JeffRenner
11-17-2005, 15:11
Many reasons you may occasionally use a decanter. If you buy any older ceramic decanters, its much more attractive to pour from a nice crystal/glass decanter than that "Ma and Paw Kettle" decanter.....and you get to see the color (age?) too. ... I also, on accasion, buy a 1.75 and prefer to put it into a smaller container on my display bar than have it stand out from the crowd.



I agree, Randy. I enjoyed seeing that attractive decanter in your post (http://www.straightbourbon.comhttp://www.straightbourbon.com/forums/showthreaded.php/Cat/0/Number/50737/page/vc/vc/1) on the one gallon Canadian Club bottle.

As I have mentioned before, I have accumulated a fair collection of antique post-pro decanters. The kind I collect are all glass from the 30's and 40's with the name of the spirit either molded into the decanter or incised. I don't care as much for the ones with a "dogtag," and definitely don't like the ceramic ones from the 50's on of hobos, hilbillies, etc.

These decanters easiest to find for rye and scotch. This is because these were the two whiskies that households that would have decanters would keep during this period. Less common was gin, and, outside of the south, bourbon even less so. Vodka, of course, came after this period.

Below is a complete (as far as I know) set of one of the most common patterns. The rye and scotch are on eBay almost any time. They often can be had for $10/set. The gin is much less common, and the bourbon was a real find.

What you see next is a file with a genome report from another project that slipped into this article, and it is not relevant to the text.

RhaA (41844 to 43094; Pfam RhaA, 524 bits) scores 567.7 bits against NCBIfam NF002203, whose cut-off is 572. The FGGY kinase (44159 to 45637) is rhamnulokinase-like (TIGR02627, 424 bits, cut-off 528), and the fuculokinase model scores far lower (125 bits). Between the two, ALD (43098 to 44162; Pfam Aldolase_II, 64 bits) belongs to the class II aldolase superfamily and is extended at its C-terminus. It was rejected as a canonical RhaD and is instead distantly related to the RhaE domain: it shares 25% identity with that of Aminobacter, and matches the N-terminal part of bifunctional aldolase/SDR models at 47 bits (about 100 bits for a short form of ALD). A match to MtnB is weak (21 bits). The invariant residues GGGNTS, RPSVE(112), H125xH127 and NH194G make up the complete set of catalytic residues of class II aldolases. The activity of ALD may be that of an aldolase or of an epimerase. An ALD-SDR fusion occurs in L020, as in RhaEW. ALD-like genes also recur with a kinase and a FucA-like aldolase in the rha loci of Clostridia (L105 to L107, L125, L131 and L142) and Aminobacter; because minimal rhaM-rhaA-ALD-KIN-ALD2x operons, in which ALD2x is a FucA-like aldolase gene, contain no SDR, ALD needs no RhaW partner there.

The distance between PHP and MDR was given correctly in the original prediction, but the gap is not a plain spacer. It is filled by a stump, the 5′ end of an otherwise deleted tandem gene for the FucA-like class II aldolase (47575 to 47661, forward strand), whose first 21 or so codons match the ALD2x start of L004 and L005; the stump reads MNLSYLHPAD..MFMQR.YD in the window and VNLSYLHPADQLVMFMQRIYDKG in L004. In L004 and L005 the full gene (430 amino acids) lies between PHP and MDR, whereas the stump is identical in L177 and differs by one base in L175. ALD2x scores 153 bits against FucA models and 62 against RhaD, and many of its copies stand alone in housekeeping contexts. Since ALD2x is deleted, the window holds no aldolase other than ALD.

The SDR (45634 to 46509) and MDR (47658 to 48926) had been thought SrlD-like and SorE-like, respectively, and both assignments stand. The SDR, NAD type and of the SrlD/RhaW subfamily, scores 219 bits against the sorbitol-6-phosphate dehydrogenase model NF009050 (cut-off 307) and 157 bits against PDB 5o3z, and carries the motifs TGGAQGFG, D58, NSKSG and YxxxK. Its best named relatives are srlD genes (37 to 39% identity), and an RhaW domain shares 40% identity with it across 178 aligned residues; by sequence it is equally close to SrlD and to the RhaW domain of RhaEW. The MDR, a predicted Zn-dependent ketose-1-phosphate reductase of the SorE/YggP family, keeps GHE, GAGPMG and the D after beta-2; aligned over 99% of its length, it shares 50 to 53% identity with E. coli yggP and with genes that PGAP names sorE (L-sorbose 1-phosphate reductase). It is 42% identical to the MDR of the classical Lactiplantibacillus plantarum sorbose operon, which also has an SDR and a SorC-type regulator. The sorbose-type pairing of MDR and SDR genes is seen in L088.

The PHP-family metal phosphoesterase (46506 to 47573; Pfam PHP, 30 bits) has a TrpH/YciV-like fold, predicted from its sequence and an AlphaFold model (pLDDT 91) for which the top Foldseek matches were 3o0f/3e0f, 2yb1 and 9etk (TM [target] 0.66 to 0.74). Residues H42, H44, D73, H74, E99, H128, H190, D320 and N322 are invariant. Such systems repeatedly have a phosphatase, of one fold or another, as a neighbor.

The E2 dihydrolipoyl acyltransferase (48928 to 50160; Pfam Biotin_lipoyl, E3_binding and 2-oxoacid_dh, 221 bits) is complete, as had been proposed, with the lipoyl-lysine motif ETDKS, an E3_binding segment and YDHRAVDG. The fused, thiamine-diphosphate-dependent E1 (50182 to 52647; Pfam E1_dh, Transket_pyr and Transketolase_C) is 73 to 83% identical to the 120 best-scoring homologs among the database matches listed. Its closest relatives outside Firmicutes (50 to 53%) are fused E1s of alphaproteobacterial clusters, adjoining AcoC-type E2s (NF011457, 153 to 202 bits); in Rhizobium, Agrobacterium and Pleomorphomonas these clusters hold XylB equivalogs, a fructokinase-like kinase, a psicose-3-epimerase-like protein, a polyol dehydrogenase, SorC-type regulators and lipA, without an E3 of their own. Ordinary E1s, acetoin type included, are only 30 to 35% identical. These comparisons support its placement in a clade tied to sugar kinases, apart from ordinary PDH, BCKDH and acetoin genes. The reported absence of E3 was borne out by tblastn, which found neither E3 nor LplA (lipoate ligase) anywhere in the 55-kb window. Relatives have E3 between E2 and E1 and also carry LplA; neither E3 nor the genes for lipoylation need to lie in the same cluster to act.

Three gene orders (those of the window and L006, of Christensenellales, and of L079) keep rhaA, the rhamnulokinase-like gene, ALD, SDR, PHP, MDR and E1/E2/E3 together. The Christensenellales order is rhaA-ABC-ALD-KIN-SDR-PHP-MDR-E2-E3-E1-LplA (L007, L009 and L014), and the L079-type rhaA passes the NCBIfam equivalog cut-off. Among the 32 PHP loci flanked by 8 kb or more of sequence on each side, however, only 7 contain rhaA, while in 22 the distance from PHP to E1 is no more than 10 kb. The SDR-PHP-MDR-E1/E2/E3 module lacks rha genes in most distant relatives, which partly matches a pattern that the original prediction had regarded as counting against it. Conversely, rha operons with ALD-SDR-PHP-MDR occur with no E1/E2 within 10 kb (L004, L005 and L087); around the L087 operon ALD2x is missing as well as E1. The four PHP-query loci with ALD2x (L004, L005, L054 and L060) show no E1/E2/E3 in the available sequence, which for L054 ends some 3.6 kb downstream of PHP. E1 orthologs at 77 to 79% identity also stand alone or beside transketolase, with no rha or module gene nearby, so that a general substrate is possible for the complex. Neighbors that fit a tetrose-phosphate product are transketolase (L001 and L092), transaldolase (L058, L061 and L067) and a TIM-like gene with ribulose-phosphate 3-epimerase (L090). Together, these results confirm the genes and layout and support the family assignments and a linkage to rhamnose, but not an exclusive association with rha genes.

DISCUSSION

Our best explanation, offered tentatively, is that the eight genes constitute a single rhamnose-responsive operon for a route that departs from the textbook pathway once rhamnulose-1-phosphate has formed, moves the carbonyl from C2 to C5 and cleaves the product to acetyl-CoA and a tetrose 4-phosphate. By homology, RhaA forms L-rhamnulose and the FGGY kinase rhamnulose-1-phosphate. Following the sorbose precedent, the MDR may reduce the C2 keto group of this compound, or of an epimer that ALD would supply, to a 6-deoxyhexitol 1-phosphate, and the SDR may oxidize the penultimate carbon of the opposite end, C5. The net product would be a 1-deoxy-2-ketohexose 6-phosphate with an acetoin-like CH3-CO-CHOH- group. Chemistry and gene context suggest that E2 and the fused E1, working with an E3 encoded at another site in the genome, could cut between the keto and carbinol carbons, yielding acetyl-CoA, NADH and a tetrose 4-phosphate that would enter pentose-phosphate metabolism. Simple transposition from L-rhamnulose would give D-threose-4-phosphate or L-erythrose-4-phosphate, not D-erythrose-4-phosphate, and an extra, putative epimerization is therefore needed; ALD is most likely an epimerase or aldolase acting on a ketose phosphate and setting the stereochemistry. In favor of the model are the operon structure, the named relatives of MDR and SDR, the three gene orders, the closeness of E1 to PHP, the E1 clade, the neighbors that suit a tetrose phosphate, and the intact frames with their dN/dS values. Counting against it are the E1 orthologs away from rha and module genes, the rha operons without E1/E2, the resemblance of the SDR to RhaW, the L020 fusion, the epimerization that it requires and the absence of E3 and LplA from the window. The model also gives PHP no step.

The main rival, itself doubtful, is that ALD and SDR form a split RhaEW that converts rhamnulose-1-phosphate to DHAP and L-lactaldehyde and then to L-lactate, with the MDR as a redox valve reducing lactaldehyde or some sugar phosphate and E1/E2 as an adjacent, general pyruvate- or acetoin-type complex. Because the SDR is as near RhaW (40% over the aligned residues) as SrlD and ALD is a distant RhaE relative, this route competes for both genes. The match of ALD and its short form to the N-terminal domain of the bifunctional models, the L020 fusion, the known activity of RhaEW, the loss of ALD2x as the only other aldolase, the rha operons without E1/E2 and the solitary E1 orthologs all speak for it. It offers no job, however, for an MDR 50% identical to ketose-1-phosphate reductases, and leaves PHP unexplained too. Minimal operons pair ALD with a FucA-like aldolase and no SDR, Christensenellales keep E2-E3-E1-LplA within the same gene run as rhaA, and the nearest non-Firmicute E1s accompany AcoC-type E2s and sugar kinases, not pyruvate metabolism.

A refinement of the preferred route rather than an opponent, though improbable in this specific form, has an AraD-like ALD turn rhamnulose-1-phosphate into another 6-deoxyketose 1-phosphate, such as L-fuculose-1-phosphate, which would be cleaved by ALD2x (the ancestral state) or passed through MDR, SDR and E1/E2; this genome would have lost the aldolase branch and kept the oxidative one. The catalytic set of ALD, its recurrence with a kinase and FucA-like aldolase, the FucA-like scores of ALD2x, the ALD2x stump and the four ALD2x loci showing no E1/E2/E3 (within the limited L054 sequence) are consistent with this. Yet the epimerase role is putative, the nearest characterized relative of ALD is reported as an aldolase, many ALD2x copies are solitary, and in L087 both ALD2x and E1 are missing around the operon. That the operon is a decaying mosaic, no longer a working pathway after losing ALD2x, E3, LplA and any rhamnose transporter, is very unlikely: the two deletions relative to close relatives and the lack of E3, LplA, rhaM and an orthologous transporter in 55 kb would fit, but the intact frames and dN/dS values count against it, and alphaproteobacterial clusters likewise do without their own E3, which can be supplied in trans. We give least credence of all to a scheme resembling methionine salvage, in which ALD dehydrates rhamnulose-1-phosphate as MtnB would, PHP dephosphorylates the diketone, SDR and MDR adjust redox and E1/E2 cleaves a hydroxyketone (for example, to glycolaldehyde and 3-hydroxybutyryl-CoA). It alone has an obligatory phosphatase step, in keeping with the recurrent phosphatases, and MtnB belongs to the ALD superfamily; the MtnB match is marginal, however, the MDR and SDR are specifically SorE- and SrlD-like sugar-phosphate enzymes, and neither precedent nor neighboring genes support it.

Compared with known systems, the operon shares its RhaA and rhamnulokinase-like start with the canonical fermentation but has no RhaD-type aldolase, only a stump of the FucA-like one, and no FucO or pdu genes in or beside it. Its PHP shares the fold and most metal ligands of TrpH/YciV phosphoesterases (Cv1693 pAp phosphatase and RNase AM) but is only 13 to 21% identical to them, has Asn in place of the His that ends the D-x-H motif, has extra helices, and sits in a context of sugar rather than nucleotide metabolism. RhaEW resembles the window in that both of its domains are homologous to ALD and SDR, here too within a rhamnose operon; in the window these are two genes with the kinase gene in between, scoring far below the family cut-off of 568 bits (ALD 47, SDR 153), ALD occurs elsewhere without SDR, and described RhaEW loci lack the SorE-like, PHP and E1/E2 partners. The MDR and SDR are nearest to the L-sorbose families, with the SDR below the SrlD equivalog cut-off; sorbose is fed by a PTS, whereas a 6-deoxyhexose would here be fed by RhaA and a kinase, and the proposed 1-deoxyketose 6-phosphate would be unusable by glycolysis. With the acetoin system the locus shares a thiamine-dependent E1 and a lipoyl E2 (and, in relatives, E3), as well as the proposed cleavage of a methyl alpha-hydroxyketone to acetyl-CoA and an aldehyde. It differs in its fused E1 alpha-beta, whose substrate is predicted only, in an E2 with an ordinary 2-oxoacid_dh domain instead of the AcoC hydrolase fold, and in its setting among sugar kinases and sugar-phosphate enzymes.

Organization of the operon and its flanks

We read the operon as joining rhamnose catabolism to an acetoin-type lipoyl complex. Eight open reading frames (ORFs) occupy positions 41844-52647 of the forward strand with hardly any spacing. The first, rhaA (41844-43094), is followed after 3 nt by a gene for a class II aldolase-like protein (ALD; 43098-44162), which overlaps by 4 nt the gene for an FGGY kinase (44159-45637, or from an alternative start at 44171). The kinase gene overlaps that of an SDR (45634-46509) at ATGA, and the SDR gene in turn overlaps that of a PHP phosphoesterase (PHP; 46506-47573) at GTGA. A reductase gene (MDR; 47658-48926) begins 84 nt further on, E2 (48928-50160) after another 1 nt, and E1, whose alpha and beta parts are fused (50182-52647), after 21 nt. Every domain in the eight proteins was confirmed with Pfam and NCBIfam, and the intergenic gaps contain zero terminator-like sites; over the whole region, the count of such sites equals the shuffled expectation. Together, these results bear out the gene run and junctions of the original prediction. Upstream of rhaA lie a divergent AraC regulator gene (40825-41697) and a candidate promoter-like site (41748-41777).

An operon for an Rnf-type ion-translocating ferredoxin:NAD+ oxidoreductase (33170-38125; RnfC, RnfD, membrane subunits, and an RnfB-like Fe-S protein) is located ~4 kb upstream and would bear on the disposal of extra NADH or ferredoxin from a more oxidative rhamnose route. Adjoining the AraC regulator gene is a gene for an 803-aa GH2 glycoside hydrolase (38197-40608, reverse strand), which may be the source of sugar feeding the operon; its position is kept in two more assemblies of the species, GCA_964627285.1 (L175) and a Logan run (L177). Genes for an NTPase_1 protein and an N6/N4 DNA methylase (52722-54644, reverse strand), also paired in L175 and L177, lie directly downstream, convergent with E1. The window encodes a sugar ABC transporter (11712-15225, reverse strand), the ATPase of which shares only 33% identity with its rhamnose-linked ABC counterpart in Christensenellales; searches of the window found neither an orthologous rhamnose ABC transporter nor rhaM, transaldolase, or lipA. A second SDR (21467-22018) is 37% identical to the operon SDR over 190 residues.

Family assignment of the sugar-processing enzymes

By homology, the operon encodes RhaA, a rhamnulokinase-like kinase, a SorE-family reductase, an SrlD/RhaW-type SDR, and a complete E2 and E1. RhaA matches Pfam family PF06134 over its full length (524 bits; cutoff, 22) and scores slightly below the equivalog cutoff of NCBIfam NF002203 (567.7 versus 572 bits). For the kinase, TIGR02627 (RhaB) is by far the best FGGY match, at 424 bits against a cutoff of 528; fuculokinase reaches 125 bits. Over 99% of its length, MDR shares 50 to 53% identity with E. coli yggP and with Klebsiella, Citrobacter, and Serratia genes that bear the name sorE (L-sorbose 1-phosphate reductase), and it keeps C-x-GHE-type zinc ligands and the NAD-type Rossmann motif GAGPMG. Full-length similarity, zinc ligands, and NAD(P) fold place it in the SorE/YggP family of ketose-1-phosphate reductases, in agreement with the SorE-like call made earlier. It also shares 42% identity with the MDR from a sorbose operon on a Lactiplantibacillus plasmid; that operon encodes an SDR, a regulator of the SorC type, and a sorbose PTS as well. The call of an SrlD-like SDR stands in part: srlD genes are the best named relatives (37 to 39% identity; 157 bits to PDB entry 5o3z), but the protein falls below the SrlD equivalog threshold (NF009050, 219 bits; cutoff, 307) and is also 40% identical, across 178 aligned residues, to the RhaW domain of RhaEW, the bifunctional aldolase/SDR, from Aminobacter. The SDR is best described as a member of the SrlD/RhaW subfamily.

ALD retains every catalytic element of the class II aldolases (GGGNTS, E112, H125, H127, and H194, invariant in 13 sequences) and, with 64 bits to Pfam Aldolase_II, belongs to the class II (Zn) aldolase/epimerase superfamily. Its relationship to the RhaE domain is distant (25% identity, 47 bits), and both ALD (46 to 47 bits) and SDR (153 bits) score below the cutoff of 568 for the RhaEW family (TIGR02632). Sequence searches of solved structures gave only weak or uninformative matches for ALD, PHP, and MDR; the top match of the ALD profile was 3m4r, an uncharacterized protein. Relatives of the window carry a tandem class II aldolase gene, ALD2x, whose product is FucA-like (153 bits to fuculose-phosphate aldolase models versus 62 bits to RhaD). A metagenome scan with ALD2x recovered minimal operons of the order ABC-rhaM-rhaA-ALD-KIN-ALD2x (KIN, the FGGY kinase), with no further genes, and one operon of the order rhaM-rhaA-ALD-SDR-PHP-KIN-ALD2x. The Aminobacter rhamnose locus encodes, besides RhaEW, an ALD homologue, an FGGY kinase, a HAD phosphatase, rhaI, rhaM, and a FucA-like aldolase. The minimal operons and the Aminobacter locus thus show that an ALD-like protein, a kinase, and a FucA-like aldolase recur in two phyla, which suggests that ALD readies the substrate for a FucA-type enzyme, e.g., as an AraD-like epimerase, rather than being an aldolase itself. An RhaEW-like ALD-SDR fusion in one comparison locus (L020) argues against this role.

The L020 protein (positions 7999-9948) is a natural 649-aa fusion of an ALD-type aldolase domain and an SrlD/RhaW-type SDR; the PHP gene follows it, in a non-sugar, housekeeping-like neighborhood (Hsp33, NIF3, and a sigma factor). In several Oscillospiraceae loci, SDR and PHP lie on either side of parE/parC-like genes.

I don't know the pattern or manufacturer, but for some reason I think they might have been made by Cambridge.

I buy 1 or 1.75 liters of spirits to fill these, and keep them on the side shelf, both as display and because they are handy. These are my standard, or generic, pours. That is not to say that they are "well" pours. In some ways, they are my favorites, at least except for special pours. Of course, more often than not, I pour one of those special pours, but the ones in the decanters are probably the ones I pour more than other brands.

They presently contain Jim Beam rye, Teacher's or Grant's scotch (whichever I get a good deal on), Old Forrester 100 proof, and Seagram's (I think) gin. The gin is mostly for G&Ts. For a martini, I prefer Tanqueray Ten or Anchor's Junipero.

I'll have to take some photos of my other sets and post them.

Jeff

AVB
11-21-2005, 14:09
If you plan to leave your whisk(e)y in a lead crystal decanter you should use it within the first 25 years or so. You get more lead in your system from breathing then will leach out of crystal in any normal use.

doubleblank
11-21-2005, 19:55
That's one of my faves Jeff.......given to me as a gift over 20 years ago. The whiskey in it is from a Michter's decanter in the shape of Penn. My decanter is much more attractive than that. The whiskey is pretty good too. From around 1976.....probably four to six years old.

Randy

BassCat1
08-02-2006, 13:04
Jeff - Those are really nice decanters. Show us a few more from your collection. I just started my collection of decanters with some Evan Williams and Heaven Hill stuff. I have filled them with EW 10yrs. old. For the money, a good pour from an attractive decanter is not only aesthetically pleasing, but also seems more pleasing to the pallet.